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In the Java textbook I'm learning from, it says that this uses "lexicographic ordering" to return an integer. I understand how it works, but what is a specific way this is used in programming?

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8 Answers 8

All of the built-in sorting methods use it when sorting non-primitives

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Except the ones that take Comparables, of course. –  Michael Myers Jul 22 '09 at 19:41
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mmyers: You probably mean "Except the sort methods that take Comparator " –  Umsd Jul 23 '09 at 0:03
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Let's say you wanted to sort glasses of water, the objects themselves are called Glass.

Now let's say that a Glass can have a height and an amount of water that it holds.

Now let's say you wanted to compare two Glasses. How would you do it?

I'd do this by overriding the compareTo method. In that method I would say that if two glasses are of the same height and have the same amount of water in them, then they are equal. Obviously you'd want logic for greater than or less than, but you get the idea.

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If you have a custom class that is going to end up in a collection that needs to be sorted, this is where you will put all of your custom logic determining what order the object will be in in relation to the object you're comparing to.

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It can sort Strings, for example. It will return a value < 0, = 0, or > 0 depending on whether one String precedes another in alphabetical order.

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compareTo() is the standard way to represent a default total ordering on non-primitive types in Java.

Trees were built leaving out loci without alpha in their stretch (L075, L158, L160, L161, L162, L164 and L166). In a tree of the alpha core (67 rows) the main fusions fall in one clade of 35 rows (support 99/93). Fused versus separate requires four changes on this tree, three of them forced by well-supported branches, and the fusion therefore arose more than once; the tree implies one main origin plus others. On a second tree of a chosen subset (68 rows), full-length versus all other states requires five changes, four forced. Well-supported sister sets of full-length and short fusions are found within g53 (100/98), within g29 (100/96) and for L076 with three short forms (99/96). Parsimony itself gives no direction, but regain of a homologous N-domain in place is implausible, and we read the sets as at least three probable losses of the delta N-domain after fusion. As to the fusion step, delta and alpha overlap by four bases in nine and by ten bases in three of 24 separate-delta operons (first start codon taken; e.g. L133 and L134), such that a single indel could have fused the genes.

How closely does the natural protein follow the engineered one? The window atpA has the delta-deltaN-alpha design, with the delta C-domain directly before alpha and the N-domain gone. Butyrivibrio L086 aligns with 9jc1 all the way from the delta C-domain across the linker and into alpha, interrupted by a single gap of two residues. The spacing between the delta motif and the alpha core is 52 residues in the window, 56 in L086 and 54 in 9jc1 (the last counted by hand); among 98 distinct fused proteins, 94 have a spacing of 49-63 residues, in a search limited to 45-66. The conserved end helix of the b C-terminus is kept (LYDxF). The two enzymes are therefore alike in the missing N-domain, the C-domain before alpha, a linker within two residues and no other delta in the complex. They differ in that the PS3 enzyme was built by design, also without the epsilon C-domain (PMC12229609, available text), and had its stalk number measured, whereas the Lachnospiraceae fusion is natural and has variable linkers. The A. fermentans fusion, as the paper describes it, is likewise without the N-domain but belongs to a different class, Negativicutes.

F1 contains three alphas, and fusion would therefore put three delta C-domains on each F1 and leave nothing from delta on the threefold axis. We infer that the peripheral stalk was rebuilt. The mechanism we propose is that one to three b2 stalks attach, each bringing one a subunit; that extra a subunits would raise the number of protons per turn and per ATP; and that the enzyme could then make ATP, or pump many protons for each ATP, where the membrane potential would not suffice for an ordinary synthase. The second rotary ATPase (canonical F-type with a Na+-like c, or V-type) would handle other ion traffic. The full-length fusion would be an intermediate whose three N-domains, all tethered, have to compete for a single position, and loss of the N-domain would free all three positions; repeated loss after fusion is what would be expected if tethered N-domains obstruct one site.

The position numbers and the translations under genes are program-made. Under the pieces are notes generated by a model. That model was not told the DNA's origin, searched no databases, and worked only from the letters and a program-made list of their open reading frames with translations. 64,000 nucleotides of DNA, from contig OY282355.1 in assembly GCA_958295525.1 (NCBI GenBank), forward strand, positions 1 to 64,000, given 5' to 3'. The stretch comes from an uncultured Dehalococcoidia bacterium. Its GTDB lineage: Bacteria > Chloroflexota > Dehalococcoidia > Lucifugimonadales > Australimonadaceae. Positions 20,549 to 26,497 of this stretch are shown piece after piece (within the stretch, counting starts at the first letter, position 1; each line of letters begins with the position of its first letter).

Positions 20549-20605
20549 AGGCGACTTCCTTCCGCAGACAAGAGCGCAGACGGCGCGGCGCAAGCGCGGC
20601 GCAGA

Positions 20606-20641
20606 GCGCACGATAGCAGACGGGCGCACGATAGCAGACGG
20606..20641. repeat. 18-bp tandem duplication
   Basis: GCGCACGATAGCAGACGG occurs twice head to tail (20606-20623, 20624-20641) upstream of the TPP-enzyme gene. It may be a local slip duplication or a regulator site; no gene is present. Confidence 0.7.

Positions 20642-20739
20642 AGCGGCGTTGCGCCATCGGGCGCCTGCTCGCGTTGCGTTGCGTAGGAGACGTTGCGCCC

The advantage of returning an integer is that it only needs to be called once to distinguish the three cases <, == and >. (The alternative approach of for example using methods equals() and greaterThan() would need two calls.)

It can be used anywhere where a total ordering is needed. The most important are:

  • For implementations of sorted collections like TreeSet and TreeMap (these use red black trees).

  • For explicitly sorting collections.

  • In other algorithms, e.g. ranges of user-defined number types like rationals.

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compareTo compares values and returns an int which tells if the values compare less than, equal, or greater than.

If your class objects have a natural order, implement the Comparable interface and define this method. All Java classes that have a natural ordering implement this (String, Double, BigInteger, ...).

The compareTo method needs to satisfy the following conditions:

  • x.compareTo(y) is the opposite sign of y.compareTo(x) if x & y are different
  • If x.compareTo(y) > 0, and y.compareTo(z) > 0, then x.compareTo(z) > 0.
  • Consistency with equals() is recommended.

References:
http://leepoint.net/notes-java/data/expressions/22compareobjects.html
http://www.javapractices.com/topic/TopicAction.do?Id=10

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It's most common use is as a comparison function when sorting a list of strings. One call to compareTo tells you whether one string comes before another, after another, or is the same as another string.

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The "lexicographical order" bit only applies to the implementation of compareTo() for certain classes; e.g. Strings. The API spec for Comparable says that compareTo() implements a total ordering, but it does not specify which total ordering. For example Integer.compareTo() would use numeric ordering not lexical ordering.

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